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PEACE I Overview

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PEACE I Programme (1995 -1999)


PEACE I was established to ‘make a positive response to the opportunities presented by developments in the Northern Ireland peace process during 1994, especially the announcements of cessation of violence by the main republican and loyalist paramilitary organisations"[1].

In 1994 the European Commission (EC) created a special Task Force to look into ways of giving practical assistance to Northern Ireland and the six border counties of Ireland (Cavan, Donegal, Leitrim, Louth, Monaghan and Sligo) in consultation with the national authorities. The creation of the Task Force was an expression of the European Union’s (EU) commitment to the peace and reconciliation process.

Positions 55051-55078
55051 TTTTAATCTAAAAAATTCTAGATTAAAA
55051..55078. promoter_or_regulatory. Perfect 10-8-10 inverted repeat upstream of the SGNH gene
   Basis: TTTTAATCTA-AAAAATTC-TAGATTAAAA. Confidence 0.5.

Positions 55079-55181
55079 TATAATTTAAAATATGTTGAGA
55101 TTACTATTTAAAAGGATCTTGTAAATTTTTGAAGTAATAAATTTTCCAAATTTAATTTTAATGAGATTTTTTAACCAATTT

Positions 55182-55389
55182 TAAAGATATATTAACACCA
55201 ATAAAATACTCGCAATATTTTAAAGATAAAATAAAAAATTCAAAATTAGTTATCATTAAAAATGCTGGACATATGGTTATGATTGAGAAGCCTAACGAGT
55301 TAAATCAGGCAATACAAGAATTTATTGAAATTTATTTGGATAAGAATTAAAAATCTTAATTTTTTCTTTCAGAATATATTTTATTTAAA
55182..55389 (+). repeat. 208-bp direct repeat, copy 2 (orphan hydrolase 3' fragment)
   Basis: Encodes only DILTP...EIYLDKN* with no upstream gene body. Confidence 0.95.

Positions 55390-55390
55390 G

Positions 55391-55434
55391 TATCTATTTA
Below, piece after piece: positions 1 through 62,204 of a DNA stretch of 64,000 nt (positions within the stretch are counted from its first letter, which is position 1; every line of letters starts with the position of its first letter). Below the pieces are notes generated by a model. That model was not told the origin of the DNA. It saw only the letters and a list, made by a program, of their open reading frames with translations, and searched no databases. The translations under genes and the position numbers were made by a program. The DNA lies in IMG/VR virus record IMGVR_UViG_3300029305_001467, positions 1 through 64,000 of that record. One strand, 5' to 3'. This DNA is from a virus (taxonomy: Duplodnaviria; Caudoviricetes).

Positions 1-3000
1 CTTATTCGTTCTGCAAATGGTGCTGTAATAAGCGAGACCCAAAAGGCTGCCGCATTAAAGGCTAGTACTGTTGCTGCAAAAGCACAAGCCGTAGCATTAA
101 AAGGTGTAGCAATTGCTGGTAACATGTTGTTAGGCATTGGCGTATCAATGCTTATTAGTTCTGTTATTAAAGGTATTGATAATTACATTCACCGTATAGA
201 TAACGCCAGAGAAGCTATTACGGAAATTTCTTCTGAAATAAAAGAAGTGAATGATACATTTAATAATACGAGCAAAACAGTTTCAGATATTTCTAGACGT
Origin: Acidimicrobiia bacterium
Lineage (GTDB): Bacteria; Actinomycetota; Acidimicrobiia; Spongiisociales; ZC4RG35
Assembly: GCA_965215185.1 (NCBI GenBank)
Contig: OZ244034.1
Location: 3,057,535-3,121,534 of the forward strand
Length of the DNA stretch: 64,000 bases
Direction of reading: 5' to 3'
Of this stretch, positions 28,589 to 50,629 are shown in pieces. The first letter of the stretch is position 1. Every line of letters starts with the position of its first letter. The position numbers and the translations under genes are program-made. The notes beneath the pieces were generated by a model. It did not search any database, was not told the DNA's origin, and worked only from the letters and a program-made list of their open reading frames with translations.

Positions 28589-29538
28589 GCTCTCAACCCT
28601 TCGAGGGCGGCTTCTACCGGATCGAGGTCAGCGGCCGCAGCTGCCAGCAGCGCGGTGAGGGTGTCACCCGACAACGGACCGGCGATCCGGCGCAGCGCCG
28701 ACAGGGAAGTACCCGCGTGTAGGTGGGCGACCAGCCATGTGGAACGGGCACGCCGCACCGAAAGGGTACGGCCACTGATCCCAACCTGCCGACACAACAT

The Task Force conducted a broad-based consultation with both governments, with extensive input from local authorities, business, trade unions, voluntary groups and non-governmental organisations (NGOs). It was the opinion of the Task Force that ‘the European Union has a clear interest and vital role to play in maintaining the momentum for peace and reconciliation by means of a special support programme for Northern Ireland and the border counties…… not only for the benefit of the region most affected, but also for the wider benefit of the European Union as a whole.’

On the basis of this conclusion, the European Council of Essen (December 1994) approved a proposal for a multi-annual Community Initiative and in July 1995 formally established the ‘Special Support Programme for Peace and Reconciliation (SSPPR)’, now referred to as the PEACE I Programme. A budget of €300m[2] was allocated for an initial period from 1995-1997 and further financing of €200m was provided for the period 1998-1999.

Overall, the five-year investment totalled a significant €667m i.e. 75% (€500m) from the EU Structural Funds and 25% (€167) from national contributions. The EU Structural Funds involved include: The European Regional Development Fund (ERDF); The European Social Fund (ESF), The European Agricultural Guidance and Guarantee Fund (EAGGF) and The Financial Instrument for Fisheries Guidance (FIFG).